2. Because of argument #6, section 6 also cancels itself.
  3. Because of arguments #1 to #8 the IDN rule "Consonant Sequence → *3(CH) C [H|D|X|M[D|X]] | L[HC[D|H|M[D]]]" is completely wrong and need to be reformulated.

Restriction Rules

  1. Section 2 says "H is not permitted after V, D, X, M, digit and dash" This is wrong since samvruthokaram requires H after V
    CDAC's Response : See the explanation for section 2 under ABNF Rules
  2. Section 7 says H can follow L if it is followed by റ , This is wrong as explained above. L can never followed by H. It can only followed by C
    CDAC's Response : See the explanation for section 5 under ABNF Rules

nta criticism

This document does not address the case of stacked and non stacked forms of nta, which are interchangeably used. For example എന്റെ can be spoofed with എന്‍റെ. Severity of this issue is increased by having one more sequence to represent the same conjunct (ന്‍ + ് + റ) is introduced in Unicode 5.1

CDAC's Response : Modern orthography treats ന്‍റ as stacked and ന്‍റ as non-stacked forms for the conjunct 'nTa' is wrong by convention. as 'nRa' and ന as 'nTa'. The interchangeable usage of stacked and non-stacked forms for the conjunct 'nTa' is wrong by convention.

Chart of allowed characters

  1. Malayalam chillus - the 5.1 version ക്‍ is removed from the tables. which is having same characteristics and use cases of other chillus. So excluding it from the allowed code points does not make any sense. Moreover the existing chillu representation - non-atomic - is not mentioned in the document at all.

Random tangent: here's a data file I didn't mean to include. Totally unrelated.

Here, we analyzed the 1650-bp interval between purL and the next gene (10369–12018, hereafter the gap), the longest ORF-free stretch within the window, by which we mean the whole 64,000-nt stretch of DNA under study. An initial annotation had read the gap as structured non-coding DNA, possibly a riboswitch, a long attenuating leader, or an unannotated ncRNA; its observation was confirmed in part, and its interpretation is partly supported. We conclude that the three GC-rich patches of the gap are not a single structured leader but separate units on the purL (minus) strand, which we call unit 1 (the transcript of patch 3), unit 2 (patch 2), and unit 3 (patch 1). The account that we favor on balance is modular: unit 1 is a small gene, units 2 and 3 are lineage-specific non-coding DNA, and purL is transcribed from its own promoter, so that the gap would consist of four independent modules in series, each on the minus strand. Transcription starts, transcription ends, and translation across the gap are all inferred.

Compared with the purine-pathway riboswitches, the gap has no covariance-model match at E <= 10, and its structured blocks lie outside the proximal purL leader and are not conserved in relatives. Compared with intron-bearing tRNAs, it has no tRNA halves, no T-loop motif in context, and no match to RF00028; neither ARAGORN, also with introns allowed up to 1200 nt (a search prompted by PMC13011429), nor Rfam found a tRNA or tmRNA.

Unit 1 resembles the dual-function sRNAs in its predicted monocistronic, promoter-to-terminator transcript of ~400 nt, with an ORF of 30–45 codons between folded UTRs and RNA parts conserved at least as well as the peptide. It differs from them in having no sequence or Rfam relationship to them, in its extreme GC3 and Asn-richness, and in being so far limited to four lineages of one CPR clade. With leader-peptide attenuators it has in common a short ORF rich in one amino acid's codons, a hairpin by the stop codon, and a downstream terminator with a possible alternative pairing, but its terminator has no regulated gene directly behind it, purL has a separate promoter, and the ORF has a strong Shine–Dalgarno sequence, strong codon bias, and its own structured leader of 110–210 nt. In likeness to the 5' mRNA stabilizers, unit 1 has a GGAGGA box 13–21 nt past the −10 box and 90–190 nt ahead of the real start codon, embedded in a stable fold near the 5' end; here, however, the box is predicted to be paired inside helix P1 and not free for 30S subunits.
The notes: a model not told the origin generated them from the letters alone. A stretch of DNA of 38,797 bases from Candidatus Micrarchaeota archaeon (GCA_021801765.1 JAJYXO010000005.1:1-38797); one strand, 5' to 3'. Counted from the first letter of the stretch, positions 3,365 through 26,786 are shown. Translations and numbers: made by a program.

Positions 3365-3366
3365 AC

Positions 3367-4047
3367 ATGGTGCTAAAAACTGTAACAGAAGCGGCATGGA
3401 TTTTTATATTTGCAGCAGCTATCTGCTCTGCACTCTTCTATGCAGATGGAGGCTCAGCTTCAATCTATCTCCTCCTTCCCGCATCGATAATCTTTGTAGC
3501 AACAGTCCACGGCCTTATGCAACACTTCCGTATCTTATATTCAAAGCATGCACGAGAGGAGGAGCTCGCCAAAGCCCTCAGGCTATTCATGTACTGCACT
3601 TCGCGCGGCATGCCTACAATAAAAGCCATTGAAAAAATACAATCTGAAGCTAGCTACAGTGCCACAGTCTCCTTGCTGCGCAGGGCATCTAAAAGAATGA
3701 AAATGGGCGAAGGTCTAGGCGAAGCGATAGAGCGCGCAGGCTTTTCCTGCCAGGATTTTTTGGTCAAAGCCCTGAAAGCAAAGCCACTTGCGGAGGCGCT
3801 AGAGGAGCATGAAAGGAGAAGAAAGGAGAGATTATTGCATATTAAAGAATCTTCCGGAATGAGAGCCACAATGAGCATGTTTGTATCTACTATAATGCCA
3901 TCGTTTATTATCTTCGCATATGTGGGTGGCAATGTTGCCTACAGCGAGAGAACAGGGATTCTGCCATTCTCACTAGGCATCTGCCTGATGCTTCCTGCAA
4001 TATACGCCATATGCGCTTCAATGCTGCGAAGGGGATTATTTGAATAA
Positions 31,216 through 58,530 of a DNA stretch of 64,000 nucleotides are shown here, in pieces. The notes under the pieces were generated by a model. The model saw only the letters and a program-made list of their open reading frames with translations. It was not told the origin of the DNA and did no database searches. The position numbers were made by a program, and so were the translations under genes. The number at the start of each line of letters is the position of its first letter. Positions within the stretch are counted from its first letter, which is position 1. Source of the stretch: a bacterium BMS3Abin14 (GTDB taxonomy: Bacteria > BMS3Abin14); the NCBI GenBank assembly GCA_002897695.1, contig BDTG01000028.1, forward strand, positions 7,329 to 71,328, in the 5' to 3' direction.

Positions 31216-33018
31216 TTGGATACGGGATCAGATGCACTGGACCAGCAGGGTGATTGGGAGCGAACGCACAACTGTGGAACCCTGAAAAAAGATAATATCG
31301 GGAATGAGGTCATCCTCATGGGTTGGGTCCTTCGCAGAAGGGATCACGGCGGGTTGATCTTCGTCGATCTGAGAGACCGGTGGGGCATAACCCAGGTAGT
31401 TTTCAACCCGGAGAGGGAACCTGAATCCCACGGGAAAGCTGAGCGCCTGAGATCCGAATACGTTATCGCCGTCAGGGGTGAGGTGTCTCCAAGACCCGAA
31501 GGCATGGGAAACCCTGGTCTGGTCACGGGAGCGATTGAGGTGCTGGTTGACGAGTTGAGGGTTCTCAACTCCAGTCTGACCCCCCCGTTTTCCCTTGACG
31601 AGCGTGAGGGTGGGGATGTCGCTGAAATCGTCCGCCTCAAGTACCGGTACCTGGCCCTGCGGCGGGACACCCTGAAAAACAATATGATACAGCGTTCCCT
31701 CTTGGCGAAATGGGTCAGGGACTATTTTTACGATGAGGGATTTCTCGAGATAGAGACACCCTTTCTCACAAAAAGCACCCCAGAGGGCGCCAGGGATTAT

2. Malayalam au sign - ൌ is not allowed. Instead the au length mark ൗ is provided. The inscript standard does not allow one to type ൗ and allows only ൌ. Other input methods allows to type both. But the document does not say anything on the equivalence of both. Allowing both vowel signs is also a spoofing issue. And hence this should be handled in variant table.
    CDAC's Response : The inscript standard being revised. The new standard allows both the characters to be inputted. For restricting spoofing and phishing, only one form i.e. ൗ by IDN policy (used in modern text) has been allowed

Variant Table and Visual Spoofing

Variant table is not logical. Only ളള and ള്ള makes sense. None of the other entries should be considered as spoofing. ന്ത and ന്ന is not even close. Mirror images are already used in Latin, eg. b and d. Hence സ്സ and ഡ്ഡ cannot be blocked. Moreover it is not clear why the same logic does not apply for സ and ഡ. It did not consider the case of ററ and non stacked form of റ്റ common in new lipi.

CDAC's Response : The variant table is based on the observations how Malayalam characters and conjuncts are rendered in the address bars of standard browsers like IE, Mozilla and Safari. While ന്ത and ന്ന are perfectly rendered in Mozilla and Safari, they are not legibly rendered in various versions of IE. The mirror imaged nature of the glyphs was not the criterion for the two glyphs to be qualified as variants. Also note that the variant table is not a full-proof mechanism which can prevent spoofing. Even though similarity is considered, dual encoding is not mentioned. In case of dual encoding of chillus, both forms (atomic chillu and consonant chandrakkala ZWJ) of chillus will look SAME.

Even though similarity is considered, dual encoding is not mentioned. In case of dual encoding of chillus, both forms (atomic chillu and consonant chandrakkala ZWJ) of chillus will look SAME.

CDAC's Response : IDN policy doesn't allow control characters such as ZWJ and ZWNJ to be part of domain names.


The CDAC Policy document on Malayalam IDN is not acceptable without correcting the above explained errors. In its current format, the document was prepared with lot of false assumptions and contains many technical mistakes as pointed out above. Consultation is must with all stake holders of Malayalam Computing before preparing such an important document. This was not happened and we expect such an initiative from the authorities.


  1. Discussion about the CDACs response: